Santulli defaulted on the payments due under the plan and in December 2002, the Board held a hearing on revocation of his probationary license. Santulli explained that he had experienced financial setbacks and indeed had not made the agreed payments on his student loan since December 2001. The Board was concerned with the professional implications of his financial problems, in particular that Santulli could find himself "in so much debt and under so much pressure that there are opportunities and temptation either to short-shrift . . . clients, or . . .convert money [from clients] to take care of those debts."

The Board granted Santulli a six-month extension of his probationary license subject to conditions including one that required him to "make suitable arrangements for payment or discharge of all his past due debts." Moreover, the order stated that Santulli's failure to comply with this payment condition would conclusively indicate a lack of trustworthiness and support the inference that Santulli posed an unreasonable risk of harm to his clients. Santulli did not object to the order.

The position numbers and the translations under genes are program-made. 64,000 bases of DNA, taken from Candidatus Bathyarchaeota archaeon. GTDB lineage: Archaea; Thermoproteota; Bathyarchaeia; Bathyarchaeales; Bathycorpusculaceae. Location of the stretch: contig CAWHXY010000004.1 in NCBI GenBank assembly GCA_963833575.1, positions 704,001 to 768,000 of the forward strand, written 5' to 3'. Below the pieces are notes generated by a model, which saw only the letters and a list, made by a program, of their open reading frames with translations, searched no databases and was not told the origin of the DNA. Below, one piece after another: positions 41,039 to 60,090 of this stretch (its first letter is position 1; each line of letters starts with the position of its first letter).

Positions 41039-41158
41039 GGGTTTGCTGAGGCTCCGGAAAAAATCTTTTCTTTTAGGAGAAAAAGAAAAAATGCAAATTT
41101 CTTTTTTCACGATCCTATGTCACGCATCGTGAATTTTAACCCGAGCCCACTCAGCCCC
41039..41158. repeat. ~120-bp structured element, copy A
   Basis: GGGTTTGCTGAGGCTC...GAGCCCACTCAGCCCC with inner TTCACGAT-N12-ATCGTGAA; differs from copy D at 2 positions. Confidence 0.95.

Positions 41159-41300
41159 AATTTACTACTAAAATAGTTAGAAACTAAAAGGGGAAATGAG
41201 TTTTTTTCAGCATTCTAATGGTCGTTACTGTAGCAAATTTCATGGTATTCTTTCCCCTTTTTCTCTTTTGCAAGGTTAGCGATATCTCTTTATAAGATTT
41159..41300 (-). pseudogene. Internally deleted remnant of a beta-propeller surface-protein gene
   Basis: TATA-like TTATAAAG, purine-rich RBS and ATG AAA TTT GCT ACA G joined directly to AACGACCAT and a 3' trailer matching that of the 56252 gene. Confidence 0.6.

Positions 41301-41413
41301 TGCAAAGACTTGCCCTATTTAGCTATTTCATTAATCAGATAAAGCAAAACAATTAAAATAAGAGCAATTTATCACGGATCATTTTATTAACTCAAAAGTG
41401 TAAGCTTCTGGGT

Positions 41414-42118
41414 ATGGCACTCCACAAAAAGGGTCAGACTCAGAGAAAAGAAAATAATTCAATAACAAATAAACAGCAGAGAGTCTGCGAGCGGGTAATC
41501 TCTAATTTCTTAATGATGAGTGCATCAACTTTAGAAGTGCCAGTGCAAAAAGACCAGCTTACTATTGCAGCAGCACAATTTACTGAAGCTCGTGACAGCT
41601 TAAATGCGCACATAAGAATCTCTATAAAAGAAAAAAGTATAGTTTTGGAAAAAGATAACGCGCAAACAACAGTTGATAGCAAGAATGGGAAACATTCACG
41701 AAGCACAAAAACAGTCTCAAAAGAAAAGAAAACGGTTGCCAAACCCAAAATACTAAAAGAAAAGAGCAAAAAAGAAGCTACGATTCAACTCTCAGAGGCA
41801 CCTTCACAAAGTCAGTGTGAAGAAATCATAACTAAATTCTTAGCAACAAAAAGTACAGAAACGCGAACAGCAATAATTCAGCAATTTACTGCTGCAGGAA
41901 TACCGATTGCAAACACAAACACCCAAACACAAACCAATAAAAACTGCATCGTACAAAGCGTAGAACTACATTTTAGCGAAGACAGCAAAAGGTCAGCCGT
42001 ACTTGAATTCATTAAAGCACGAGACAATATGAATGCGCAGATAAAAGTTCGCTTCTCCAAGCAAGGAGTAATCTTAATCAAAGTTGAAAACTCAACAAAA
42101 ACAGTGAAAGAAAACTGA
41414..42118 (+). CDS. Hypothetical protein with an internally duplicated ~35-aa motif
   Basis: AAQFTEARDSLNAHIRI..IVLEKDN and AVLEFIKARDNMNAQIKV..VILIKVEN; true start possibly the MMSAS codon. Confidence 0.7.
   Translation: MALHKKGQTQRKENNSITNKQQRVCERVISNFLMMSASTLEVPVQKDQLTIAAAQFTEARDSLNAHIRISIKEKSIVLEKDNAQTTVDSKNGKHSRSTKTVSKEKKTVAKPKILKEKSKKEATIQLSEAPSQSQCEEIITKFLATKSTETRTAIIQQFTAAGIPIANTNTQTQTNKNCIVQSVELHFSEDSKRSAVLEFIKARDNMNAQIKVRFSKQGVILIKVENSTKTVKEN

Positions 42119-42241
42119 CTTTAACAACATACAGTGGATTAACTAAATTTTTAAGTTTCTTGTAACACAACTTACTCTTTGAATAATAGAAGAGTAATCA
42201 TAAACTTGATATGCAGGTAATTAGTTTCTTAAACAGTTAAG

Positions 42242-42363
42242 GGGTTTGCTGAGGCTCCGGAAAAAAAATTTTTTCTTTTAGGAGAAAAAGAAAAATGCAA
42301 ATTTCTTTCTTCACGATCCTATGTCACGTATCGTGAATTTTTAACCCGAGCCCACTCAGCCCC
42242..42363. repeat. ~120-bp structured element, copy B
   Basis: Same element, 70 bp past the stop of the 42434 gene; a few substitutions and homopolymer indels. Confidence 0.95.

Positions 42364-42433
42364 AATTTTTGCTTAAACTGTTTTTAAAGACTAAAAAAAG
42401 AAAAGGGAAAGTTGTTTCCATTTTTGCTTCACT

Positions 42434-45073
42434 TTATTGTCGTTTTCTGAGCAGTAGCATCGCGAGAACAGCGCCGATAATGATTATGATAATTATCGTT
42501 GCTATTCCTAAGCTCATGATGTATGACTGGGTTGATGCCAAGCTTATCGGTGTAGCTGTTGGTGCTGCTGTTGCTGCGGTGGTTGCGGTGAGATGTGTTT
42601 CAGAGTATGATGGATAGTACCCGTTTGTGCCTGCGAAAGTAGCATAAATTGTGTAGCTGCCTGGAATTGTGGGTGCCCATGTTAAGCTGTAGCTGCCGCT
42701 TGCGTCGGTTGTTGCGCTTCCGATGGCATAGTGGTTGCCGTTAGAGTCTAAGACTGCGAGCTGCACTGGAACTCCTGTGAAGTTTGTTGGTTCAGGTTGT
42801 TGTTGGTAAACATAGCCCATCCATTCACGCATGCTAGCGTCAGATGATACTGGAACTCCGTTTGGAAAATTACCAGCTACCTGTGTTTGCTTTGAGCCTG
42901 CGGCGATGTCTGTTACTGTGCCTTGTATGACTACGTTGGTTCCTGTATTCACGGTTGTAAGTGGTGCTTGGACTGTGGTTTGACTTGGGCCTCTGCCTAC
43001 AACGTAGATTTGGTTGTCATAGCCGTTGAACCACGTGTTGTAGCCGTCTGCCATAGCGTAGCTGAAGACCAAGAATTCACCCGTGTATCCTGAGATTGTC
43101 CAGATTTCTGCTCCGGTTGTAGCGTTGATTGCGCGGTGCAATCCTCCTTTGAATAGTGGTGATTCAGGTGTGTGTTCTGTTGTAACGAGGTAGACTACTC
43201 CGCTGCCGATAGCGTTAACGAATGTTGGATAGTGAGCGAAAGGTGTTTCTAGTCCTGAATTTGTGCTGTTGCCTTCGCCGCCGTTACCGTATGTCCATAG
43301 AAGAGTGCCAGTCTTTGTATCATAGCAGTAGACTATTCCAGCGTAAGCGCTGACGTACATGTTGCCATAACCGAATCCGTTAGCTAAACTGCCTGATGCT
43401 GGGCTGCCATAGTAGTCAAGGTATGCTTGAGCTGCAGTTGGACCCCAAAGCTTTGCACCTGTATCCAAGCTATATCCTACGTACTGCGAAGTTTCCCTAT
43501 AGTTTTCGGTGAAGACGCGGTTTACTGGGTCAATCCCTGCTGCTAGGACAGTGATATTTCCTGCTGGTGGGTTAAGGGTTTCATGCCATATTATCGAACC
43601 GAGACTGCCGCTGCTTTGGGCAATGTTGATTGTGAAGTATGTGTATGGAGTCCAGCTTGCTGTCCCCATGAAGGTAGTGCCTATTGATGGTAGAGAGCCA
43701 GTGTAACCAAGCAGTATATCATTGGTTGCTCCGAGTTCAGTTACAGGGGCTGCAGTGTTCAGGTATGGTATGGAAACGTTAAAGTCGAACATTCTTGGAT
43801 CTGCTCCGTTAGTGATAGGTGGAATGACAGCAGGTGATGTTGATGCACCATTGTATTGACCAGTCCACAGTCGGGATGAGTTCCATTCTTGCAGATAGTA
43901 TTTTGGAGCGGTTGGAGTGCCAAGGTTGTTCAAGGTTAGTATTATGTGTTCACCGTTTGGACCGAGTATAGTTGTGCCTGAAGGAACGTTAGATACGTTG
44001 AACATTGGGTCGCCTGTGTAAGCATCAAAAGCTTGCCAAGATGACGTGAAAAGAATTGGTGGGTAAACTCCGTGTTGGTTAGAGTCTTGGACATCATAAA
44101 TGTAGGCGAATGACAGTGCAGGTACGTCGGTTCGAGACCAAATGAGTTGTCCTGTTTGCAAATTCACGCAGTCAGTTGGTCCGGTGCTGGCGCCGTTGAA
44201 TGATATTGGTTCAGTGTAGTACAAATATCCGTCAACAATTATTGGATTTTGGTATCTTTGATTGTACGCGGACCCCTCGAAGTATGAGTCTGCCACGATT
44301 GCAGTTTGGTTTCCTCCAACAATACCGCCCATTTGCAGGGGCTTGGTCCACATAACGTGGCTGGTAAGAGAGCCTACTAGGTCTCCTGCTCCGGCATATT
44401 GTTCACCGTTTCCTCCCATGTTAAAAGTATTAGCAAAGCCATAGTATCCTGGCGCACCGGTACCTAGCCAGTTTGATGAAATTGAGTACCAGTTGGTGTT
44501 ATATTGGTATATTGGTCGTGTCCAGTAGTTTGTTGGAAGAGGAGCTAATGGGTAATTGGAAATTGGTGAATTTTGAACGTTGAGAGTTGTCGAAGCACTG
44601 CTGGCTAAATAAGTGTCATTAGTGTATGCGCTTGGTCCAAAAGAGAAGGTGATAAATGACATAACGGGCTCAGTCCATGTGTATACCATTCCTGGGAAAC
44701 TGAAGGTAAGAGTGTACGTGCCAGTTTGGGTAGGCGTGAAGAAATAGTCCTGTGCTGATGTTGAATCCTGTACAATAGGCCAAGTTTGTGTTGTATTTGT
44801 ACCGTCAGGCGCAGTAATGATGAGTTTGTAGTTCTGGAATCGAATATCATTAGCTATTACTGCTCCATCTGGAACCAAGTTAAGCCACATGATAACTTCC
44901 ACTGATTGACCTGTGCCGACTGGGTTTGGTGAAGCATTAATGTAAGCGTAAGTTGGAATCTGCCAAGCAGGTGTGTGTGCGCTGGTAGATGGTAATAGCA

A year later, in December 2003, Mr. Santulli appeared again before the Board and admitted that he had not made any payments on his debt. He had made arrangements with a bankruptcy lawyer to swap family-law work for bankruptcy represenation. But, the bankruptcy lawyer didn't deliver. Santulli hired another bankruptcy lawyer in October, but still no bankruptcy petition. Santulli asked the Board for another month to file for bankruptcy.

The Board rejected Santulli's request for an extension and found him in violation of the condition of his probationary license -- that he make arrangements to pay or discharge his debts. Pursuant to the 2002 agreement, Santulli's failure indicated the lack of good moral character required for the privilege of practicing law. In particular, it found that his failure to make arrangements to pay or discharge his debt presented a clear likelihood that he would harm a client, obstruct justice or violate the lawyer disciplinary rules.